By Shane Cochrane
In 1895, while experimenting with electrical devices called Crooke’s tubes, German physicist Wilhelm Röntgen discovered X-rays. And shortly after that, he discovered their medical use when he took an X-ray photo of his wife’s hand.
“I have seen my death,” she exclaimed when shown the photo.
Röntgen’s discovery was a sensation, but not everyone believed that what he was doing was actually science. Some believed that he was dabbling in the occult.
He wasn’t of course.
But while Röntgen needed all manner of electrical wizardry to peer into the human body, there were others – children, in fact – who seemed to be able to achieve the same feat without any kind of gadgetry. They just had to look at someone to see the inside of them.
Leonel Brett, from Braintree, Massachusetts, was only 9-years-old when he discovered he had this uncanny ability. In November 1897, Leonel’s father, a medical doctor, had hypnotised him. And as he was coming out of the trance, Leonel pointed to his father’s hand and cried: “Oh dad, I can see inside!”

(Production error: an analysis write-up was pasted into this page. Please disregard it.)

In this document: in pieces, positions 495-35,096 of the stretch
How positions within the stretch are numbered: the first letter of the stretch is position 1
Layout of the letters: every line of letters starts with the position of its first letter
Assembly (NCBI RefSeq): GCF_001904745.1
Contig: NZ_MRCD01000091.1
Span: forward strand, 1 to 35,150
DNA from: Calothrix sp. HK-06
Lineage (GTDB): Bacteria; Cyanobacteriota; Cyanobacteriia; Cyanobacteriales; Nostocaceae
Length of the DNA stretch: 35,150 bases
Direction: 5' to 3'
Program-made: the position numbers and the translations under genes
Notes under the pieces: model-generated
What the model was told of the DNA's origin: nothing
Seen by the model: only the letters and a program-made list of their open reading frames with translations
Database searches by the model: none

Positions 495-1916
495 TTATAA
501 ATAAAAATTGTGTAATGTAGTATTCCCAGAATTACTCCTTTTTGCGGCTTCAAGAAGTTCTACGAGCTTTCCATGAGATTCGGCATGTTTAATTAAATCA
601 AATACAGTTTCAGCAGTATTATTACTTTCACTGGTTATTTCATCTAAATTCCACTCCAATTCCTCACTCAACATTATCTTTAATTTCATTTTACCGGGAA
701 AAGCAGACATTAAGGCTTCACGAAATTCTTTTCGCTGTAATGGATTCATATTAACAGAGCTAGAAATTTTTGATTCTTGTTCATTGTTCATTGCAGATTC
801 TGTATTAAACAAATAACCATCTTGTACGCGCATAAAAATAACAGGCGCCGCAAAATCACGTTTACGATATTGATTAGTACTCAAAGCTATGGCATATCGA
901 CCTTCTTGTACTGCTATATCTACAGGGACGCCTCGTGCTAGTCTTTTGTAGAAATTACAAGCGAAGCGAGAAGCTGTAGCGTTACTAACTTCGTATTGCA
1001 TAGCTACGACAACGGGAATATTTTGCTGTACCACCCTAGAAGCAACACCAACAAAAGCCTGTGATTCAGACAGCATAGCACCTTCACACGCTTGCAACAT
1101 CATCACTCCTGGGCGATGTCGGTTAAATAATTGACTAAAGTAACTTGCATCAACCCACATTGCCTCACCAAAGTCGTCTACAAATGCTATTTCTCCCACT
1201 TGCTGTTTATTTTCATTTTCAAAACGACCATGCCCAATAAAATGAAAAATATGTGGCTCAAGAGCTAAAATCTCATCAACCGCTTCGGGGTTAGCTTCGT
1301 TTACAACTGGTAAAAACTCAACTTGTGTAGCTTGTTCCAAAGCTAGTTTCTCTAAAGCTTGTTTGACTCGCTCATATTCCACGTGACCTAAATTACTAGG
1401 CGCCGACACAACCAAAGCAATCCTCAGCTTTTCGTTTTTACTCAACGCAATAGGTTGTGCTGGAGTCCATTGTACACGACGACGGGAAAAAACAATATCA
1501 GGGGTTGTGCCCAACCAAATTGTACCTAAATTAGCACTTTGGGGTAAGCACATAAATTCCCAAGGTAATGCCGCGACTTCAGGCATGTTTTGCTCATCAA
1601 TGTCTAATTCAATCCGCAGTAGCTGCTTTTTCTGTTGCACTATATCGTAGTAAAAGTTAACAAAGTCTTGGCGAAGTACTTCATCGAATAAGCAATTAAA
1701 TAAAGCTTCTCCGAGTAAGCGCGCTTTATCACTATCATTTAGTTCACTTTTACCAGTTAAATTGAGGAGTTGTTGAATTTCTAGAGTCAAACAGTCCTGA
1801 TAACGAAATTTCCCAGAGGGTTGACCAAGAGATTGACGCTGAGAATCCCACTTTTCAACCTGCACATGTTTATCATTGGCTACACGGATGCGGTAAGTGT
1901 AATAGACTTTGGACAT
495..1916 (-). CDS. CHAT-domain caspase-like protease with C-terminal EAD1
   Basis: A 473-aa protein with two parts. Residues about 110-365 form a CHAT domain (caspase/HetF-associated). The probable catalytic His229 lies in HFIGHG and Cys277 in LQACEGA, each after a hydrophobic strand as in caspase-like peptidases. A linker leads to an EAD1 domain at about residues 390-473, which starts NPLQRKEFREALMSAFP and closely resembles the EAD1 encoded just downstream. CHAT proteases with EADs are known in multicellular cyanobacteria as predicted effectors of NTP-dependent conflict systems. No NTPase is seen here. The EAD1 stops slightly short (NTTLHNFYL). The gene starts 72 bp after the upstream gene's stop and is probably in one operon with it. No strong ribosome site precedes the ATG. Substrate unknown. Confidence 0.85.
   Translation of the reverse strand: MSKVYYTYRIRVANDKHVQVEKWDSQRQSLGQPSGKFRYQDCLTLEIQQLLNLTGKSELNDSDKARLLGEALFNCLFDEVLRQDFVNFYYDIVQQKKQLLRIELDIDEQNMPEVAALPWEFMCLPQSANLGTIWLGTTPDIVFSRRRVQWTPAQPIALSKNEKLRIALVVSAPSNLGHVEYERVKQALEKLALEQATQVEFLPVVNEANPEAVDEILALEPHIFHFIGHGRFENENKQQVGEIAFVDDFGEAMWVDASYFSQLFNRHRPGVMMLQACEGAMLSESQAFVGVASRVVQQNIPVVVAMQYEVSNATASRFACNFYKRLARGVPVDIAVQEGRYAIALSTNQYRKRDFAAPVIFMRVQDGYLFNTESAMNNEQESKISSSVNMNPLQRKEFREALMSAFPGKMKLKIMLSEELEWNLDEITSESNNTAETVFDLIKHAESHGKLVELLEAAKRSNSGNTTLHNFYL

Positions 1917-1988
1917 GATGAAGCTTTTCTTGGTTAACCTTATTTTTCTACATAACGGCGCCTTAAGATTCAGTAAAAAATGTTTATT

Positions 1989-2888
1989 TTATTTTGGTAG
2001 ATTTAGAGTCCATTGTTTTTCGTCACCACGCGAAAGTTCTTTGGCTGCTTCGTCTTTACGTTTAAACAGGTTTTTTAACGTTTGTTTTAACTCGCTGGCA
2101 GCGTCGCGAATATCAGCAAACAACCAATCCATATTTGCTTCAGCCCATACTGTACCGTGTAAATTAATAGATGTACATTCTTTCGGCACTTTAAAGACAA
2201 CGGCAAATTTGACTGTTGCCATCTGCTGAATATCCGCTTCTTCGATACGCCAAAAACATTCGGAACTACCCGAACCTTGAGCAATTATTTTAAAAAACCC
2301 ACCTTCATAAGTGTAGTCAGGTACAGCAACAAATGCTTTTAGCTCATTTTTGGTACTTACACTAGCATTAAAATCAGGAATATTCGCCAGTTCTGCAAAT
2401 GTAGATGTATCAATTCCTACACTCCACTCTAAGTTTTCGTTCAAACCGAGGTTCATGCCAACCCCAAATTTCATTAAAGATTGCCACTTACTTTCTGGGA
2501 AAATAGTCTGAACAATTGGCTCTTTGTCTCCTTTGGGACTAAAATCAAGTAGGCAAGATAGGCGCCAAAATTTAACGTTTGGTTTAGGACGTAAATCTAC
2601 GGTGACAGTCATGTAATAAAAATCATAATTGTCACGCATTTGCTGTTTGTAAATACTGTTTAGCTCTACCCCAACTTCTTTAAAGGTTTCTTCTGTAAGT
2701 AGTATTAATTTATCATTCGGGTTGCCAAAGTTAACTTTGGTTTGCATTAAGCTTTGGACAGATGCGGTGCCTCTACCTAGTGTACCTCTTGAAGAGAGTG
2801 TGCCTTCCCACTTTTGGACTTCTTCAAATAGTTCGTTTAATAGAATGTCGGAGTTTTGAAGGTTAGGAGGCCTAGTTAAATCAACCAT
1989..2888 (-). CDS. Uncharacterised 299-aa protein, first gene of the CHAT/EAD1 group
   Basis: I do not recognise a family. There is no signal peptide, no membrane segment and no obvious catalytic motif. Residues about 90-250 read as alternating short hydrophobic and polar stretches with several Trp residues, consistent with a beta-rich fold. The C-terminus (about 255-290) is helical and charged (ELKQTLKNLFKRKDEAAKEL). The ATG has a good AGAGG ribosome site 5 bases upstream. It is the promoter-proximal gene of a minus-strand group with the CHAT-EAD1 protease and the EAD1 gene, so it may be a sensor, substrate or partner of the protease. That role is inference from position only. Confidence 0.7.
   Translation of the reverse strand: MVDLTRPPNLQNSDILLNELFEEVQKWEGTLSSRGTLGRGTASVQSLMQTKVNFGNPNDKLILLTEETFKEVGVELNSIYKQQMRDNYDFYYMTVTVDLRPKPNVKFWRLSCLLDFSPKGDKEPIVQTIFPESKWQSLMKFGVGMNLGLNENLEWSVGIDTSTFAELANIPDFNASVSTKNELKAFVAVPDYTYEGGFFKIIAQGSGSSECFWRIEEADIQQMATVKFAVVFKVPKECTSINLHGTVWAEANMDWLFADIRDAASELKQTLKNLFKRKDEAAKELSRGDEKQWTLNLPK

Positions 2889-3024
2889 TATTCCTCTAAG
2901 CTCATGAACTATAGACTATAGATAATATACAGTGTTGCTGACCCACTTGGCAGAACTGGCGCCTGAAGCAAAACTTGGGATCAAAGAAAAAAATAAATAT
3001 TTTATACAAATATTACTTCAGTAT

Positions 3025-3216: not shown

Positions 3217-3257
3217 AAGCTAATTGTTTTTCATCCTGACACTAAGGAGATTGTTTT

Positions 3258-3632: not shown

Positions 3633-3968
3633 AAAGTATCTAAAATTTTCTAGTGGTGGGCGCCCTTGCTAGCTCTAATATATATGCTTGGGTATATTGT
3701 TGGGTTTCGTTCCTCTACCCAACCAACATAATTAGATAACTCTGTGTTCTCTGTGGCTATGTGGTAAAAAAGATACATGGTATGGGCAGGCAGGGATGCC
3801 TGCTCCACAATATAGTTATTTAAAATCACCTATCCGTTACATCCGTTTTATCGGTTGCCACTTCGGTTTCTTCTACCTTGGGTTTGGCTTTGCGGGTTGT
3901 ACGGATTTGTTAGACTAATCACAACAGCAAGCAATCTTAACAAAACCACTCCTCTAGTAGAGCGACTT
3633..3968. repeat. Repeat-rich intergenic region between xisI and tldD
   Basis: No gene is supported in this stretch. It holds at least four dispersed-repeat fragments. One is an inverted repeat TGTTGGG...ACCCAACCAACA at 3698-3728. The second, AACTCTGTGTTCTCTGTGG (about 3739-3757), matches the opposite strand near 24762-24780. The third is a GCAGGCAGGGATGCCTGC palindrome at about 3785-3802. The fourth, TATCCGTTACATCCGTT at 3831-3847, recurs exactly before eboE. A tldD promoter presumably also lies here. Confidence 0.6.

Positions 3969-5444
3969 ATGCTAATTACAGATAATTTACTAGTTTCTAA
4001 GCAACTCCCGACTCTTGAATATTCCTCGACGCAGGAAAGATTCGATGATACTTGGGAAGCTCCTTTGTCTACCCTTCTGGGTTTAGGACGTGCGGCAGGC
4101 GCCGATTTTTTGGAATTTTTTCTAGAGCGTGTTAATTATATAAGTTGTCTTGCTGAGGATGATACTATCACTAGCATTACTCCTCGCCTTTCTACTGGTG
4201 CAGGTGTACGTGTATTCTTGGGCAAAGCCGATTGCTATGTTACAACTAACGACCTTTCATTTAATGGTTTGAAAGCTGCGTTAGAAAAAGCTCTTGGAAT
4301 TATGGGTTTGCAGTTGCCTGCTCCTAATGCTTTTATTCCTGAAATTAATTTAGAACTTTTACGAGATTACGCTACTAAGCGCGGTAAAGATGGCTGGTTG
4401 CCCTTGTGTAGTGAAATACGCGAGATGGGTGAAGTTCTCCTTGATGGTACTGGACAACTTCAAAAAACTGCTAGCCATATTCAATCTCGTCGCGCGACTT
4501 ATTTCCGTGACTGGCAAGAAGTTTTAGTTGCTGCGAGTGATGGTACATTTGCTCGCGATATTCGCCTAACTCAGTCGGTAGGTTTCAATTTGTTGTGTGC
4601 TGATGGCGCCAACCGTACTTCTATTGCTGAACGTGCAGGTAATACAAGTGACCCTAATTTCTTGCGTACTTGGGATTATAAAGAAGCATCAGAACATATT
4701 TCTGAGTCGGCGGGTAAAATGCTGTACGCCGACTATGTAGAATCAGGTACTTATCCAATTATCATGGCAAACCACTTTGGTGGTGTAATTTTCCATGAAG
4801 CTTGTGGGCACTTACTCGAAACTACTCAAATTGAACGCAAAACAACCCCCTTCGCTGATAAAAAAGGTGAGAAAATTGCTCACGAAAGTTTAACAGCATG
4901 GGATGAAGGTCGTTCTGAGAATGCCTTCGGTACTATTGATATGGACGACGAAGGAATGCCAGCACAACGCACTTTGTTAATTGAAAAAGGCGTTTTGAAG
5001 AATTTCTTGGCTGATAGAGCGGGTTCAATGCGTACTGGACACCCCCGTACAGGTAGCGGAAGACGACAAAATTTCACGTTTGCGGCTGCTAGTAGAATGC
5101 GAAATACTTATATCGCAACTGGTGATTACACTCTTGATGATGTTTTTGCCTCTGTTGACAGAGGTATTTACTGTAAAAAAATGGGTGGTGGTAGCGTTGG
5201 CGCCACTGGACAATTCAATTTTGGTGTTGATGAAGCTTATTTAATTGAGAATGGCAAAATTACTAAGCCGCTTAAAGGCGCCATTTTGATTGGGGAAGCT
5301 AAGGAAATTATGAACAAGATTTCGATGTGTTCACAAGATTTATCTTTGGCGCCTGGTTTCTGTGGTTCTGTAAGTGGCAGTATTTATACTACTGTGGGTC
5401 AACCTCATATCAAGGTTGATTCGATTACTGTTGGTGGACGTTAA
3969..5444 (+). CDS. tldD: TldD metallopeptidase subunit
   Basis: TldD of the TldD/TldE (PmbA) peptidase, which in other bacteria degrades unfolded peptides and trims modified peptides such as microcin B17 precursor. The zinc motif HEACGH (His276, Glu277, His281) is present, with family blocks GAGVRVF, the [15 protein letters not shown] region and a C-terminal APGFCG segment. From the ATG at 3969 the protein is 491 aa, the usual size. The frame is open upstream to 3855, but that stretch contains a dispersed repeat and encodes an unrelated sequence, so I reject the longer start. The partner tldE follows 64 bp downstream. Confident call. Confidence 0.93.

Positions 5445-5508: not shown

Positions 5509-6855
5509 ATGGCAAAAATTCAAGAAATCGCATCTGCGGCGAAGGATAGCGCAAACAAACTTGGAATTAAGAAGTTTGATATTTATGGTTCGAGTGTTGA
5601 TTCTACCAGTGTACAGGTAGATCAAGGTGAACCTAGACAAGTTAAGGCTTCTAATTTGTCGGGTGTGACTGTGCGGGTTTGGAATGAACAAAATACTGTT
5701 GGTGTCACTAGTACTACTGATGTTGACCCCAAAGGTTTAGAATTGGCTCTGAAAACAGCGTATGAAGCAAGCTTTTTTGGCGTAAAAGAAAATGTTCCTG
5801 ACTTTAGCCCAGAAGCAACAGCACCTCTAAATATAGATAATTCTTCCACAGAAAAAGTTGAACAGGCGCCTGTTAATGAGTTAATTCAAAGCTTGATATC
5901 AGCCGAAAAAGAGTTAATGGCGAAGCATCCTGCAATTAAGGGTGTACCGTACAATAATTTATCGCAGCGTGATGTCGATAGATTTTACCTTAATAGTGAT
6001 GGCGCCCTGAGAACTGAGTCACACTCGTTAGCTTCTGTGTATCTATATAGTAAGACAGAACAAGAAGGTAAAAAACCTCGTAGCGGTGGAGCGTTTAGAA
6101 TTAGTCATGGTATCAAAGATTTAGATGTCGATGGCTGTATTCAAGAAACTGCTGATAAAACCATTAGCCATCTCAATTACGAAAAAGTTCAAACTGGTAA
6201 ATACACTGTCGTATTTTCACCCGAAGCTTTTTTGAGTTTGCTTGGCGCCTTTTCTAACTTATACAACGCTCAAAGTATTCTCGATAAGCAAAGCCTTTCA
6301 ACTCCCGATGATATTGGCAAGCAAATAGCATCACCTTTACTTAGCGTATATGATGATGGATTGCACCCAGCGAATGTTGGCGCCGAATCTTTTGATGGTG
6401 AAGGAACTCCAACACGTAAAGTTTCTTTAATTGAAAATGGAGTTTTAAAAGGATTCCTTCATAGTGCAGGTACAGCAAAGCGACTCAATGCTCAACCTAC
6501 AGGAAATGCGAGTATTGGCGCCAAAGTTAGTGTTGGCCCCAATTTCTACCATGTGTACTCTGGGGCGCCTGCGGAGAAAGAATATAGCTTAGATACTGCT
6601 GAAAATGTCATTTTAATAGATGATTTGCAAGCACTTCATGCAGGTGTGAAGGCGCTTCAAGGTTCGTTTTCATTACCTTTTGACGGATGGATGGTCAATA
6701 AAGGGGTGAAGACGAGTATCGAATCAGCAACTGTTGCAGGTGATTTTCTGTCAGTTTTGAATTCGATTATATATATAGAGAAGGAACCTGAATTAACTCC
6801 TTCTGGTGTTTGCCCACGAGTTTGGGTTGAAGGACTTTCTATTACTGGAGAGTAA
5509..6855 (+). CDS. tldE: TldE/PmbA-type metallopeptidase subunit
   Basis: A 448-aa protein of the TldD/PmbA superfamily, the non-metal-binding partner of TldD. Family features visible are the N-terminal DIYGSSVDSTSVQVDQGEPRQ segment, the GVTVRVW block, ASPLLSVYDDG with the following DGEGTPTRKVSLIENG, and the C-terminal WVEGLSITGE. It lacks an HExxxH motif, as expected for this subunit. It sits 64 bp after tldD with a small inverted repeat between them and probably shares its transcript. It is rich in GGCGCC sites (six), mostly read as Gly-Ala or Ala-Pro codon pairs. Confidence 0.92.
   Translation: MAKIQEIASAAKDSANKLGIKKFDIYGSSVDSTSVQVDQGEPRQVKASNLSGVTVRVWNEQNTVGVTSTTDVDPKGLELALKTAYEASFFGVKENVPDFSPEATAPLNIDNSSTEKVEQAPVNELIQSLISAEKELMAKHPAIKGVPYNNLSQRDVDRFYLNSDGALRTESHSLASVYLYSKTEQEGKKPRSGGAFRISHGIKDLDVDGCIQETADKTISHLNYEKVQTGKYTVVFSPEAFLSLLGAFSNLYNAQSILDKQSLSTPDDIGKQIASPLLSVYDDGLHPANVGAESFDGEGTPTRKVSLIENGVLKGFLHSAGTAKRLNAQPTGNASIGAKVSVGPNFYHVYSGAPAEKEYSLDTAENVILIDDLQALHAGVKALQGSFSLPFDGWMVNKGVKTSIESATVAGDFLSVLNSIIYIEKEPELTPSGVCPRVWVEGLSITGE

A number of similar incidents prompted Dr Brett to let some of his colleagues examine Leonel. They concluded that the boy really could “penetrate substances after the manner of X-rays.” Two years later, when he was only 11-years-old, Leonel was working alongside his father, using his x-ray vision to examine patients.
According to Leonel, his X-ray vision was superior to anything that could be produced using Röntgen’s technology. Not only could he see the body’s internal organs in colour, he claimed that he could also see the signals from the brain whizzing around the nervous system.
Leonel’s ability proved invaluable to his father and other doctors, who often based their diagnosis and treatment on his descriptions of what he had seen inside the patient.